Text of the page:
The ultimate convergence of carbon prices is possible through market connections or solutions that are currently being implemented. It could also occur through mechanisms designed to provide a competitive equilibrium, such as the CIM – Carbon inclusion mechanism – through which importers of products into Europe would have to buy pollution quotas.
The same price signal expressed in euros per tonne of CO2 has varying effects on different sectors when expressed relative to euros per labour unit tonne and as a ratio of cost of CO2/cost of a unit of work. Just looking at one example, a carbon tax of 20 euros per tonne of CO2 accounts for 32% of the price (VAT excluded) of a tonne of cement5 and 3% of a MWh of electricity produced in France and sold on the wholesale market in 2014. Applying one single mechanism to sectors that react so differently to the price signal can only lead to a race to the bottom. Consequently, the sectors that are most affected exert pressure on political leaders to limit these impacts. Compensation mechanisms can be set up (free allocations for instance) - but these are not optimal as far as the fight against climate change is concerned. A similar observation can be made from a regional perspective: a given price can have a very different impact depending on a country’s economic advancement.
1. Target: limiting the rise of global temperatures to 2 degrees.
2. Source: 2015 Budget Law. The annual carbon tax rises will nevertheless have to be voted every year.
3. International coalition in favour of a global carbon pricing which brings together 25 countries and local players, alongside 100 companies.
4. Report from the Pascal Canfin – Alain Grandjean commission published in June 2015.
5. The “carbon content” of cement is 0.8 tonne CO2 per tonne; at €20 per tonne, the cost of carbon is €16, which relative to a price of 50 euros, for example – as this price fluctuates – comes to 32%. Based on a higher price for cement, for instance 150 euros/tonne, the conclusion is unchanged (CO2 would therefore weigh 10%).
Setting a price for carbon may be considered as :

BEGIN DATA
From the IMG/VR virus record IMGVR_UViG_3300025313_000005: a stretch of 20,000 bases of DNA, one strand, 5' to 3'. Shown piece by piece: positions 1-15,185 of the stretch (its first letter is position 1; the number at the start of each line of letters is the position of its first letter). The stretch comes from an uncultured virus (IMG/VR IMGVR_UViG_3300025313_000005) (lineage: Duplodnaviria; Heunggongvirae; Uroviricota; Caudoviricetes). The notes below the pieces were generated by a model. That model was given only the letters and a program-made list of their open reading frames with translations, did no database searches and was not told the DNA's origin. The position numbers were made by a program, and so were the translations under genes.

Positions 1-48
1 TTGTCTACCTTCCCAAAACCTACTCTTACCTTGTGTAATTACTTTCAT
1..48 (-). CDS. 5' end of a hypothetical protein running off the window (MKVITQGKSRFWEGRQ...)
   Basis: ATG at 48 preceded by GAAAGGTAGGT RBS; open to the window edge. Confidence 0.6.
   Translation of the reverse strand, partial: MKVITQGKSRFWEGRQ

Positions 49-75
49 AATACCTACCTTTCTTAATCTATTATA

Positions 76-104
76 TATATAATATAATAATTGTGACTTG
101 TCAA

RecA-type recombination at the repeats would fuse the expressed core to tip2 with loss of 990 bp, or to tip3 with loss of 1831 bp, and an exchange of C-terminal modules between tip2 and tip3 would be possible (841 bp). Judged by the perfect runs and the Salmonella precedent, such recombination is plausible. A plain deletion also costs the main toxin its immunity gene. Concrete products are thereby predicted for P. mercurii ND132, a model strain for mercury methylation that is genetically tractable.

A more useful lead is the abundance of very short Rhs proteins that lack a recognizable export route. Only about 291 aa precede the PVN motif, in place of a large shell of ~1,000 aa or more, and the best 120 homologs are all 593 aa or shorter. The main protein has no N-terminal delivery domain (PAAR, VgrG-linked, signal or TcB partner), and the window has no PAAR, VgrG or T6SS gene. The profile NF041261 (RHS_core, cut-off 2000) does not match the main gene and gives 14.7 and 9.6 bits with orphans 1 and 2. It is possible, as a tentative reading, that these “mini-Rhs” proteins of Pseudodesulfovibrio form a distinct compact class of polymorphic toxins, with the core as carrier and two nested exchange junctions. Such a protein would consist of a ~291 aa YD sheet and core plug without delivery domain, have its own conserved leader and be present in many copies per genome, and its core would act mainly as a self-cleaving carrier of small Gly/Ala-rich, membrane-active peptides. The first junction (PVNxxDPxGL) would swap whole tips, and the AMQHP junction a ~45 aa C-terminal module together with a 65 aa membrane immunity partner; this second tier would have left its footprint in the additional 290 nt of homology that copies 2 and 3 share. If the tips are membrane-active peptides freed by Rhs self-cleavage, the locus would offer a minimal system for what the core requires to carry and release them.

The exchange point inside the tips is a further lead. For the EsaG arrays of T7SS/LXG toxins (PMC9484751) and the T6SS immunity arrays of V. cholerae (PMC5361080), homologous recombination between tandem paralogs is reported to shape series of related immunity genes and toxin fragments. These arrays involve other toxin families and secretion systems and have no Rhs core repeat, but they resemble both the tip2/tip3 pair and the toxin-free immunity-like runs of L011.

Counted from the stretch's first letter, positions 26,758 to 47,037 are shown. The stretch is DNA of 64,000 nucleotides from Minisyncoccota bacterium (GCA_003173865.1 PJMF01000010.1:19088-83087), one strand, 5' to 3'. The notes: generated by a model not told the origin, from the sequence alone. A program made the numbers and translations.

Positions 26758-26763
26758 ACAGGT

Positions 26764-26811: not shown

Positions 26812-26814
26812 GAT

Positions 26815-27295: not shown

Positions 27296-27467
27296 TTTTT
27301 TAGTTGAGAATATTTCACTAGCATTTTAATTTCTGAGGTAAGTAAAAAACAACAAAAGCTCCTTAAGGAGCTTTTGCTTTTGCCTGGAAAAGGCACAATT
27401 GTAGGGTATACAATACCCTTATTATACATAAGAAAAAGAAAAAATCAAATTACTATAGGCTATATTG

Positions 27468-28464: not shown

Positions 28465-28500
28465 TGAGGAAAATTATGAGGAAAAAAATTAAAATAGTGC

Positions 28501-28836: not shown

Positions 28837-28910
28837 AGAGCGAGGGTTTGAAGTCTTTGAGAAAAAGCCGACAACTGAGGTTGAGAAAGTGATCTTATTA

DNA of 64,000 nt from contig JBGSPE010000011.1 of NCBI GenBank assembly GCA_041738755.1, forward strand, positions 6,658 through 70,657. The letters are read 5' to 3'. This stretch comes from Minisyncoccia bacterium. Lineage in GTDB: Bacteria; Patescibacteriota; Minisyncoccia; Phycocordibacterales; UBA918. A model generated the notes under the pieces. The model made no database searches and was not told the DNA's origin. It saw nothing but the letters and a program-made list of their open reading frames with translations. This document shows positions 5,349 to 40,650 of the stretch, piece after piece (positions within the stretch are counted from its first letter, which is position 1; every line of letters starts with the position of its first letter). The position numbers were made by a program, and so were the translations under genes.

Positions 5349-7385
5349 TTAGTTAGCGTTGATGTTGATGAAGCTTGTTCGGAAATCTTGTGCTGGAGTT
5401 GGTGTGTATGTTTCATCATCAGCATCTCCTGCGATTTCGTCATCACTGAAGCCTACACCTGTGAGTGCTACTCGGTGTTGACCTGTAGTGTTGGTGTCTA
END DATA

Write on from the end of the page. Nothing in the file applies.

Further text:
Reflecting the discounted value of the present and future damage caused to the environment. It would therefore be a single price (yet impossible to calculate as it implies relying upon a perfect modelling of the aforementioned damage and of their value for current and future generations).
A signal that would act as an incentive for those concerned to modify their behaviour and reduce greenhouse gas emissions (GHG). It would therefore be logical to imagine that the price may vary depending on the industry and country. A price set at €50/tonne of CO2 does not have the same macroeconomic consequences in Nigeria as it would have in France.
Needing to reflect the cost of emissions that need to be avoided by a given player in order to remain on a two-degree trajectory. This would be the equivalent to the cost of reconstituting the natural capital, provisioned in the concerned entity’s accounts.
Depending on the preferred philosophy, the logic for calculating the price(s) of carbon may vary. At this stage, the incentive philosophy dominates worldwide and explains the use of diversified sets of measures.
Alain Grandjean is a graduate of Ecole Polytechnique and Ecole Nationale Supérieure de la Statistique et de l’Administration Economique; he holds a PhD in Environmental Economics and is co-founder of Carbone 4, a consultancy firm specialized in carbon strategy. He coauthored the report “Mobiliser les financements pour le climat” with Pascal Canfin, former Minister of State in charge of Development, and has written many books on climate issues. Ségolène Royal has mandated Gérard Mestrallet, Pascal Canfin and Alain Grandjean to work on the price of carbon at European level; the report should be published mid-July.